In the winter of 2016, Donald Trump was roaring through the primaries, and Mike Pompeo was determined to stop him. Pompeo, a little-known congressman from Wichita, helped persuade Marco Rubio to make a late stand in Kansas. Like many Republicans in Congress, Pompeo believed that Rubio had the national-security knowledge and the judgment to be President, and Trump did not. Urged on by Pompeo, Rubio’s team pulled money out of other states to gamble on winning the Kansas caucus. It was one of the few remaining contests in which Rubio still hoped to beat Trump, who, he said, was a “con artist” about to “take over the Republican Party.”
In 2017, DIA began to produce a series of unclassified Defense Intelligence overviews of the major foreign military challenges facing the United States. This volume provides details on Iran’s defense and military goals, strategy, plans, and intentions; the organization, structure, and capability of its military supporting those goals; and the enabling infrastructure and industrial base. This product and other reports in the series are intended to inform our public, our leaders, the national security community, and partner nations about the challenges we face in the 21st century.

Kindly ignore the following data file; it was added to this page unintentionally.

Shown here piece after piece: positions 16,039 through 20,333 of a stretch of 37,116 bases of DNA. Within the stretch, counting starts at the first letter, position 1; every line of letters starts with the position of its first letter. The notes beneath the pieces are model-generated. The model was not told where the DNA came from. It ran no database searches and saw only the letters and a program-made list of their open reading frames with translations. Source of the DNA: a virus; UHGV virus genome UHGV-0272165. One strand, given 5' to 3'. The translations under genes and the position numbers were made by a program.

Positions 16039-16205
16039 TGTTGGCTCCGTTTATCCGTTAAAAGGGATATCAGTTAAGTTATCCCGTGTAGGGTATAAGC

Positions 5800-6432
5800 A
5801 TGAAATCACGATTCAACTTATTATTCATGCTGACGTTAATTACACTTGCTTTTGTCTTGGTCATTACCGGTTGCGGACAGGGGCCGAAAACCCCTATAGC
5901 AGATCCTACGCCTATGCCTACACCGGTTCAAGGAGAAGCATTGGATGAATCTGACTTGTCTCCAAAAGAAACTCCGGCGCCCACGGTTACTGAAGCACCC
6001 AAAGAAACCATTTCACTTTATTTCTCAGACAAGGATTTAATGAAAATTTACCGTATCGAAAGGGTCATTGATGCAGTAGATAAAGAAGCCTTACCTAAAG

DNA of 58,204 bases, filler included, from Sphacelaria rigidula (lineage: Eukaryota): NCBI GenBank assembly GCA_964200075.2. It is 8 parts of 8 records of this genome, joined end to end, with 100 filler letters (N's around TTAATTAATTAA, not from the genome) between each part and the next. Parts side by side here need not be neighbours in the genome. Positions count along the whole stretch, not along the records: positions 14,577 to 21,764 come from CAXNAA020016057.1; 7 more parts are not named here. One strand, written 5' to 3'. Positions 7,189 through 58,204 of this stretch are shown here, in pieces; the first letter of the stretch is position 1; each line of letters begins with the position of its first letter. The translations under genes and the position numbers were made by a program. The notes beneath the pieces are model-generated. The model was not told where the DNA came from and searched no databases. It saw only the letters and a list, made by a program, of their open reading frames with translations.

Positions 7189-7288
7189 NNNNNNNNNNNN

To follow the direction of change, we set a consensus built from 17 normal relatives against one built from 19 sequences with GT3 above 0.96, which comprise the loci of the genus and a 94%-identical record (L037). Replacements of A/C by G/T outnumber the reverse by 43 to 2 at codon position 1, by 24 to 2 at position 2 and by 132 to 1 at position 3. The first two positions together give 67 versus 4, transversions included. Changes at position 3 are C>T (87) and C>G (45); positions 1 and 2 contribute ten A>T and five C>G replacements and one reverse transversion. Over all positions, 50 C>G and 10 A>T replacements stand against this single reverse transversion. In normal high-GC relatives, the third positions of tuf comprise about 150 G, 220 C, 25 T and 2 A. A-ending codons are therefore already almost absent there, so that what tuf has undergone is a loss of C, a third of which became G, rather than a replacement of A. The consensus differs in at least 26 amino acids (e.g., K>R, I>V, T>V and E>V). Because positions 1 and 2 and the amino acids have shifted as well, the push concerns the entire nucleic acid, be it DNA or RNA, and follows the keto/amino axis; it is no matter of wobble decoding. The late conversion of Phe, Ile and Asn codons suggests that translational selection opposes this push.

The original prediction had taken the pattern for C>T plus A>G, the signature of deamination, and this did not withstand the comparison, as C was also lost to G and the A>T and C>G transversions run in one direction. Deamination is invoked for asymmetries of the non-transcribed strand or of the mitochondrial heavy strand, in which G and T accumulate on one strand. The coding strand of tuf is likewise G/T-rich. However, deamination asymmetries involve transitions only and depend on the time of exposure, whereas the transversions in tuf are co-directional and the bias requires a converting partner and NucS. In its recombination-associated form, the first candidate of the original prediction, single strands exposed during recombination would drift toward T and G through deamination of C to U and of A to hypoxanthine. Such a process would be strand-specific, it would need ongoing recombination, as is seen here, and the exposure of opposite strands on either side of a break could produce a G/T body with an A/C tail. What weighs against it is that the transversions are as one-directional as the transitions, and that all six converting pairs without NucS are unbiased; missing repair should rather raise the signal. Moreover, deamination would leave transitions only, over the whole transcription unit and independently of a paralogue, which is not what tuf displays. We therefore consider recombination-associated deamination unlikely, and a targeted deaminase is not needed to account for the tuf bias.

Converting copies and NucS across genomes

Michel Chossudovsky discusses the recent US/Iran clash in the Persian Gulf; Iran’s capability as a military power; the breakup of the Gulf Cooperation Council; the Al-Udeid military base in Qatar the largest US base in the Middle East, and Qatar an ally of Iran; …
Russia believes that the idea of establishing a security system in the Gulf area might be essential for consolidating political and diplomatic efforts in this region. It implies a long-term programme of action aimed at normalizing the situation, improving stability and security, resolving conflicts, indentifying key benchmarks and parameters for a future post-crisis architecture, as well as ways to fulfill the related tasks. Our initiative is a follow-up to Russia's proposals worked out in late 1990s and improved in 2004 and 2007.
Tensions in the Persian Gulf are reaching a point of no return. In recent weeks, six oil tankers have been subjected to Israeli sabotage disguised to look like Iranian attacks to induce the United States to take military action against the Islamic Republic. Some days ago Iran rightfully shot out of the sky a US Drone. In Yemen, the Houthis have finally started responding with cruise and ballistic missiles to the Saudis’ indiscriminate attacks, causing damage to the Saudi international airport of Abha ...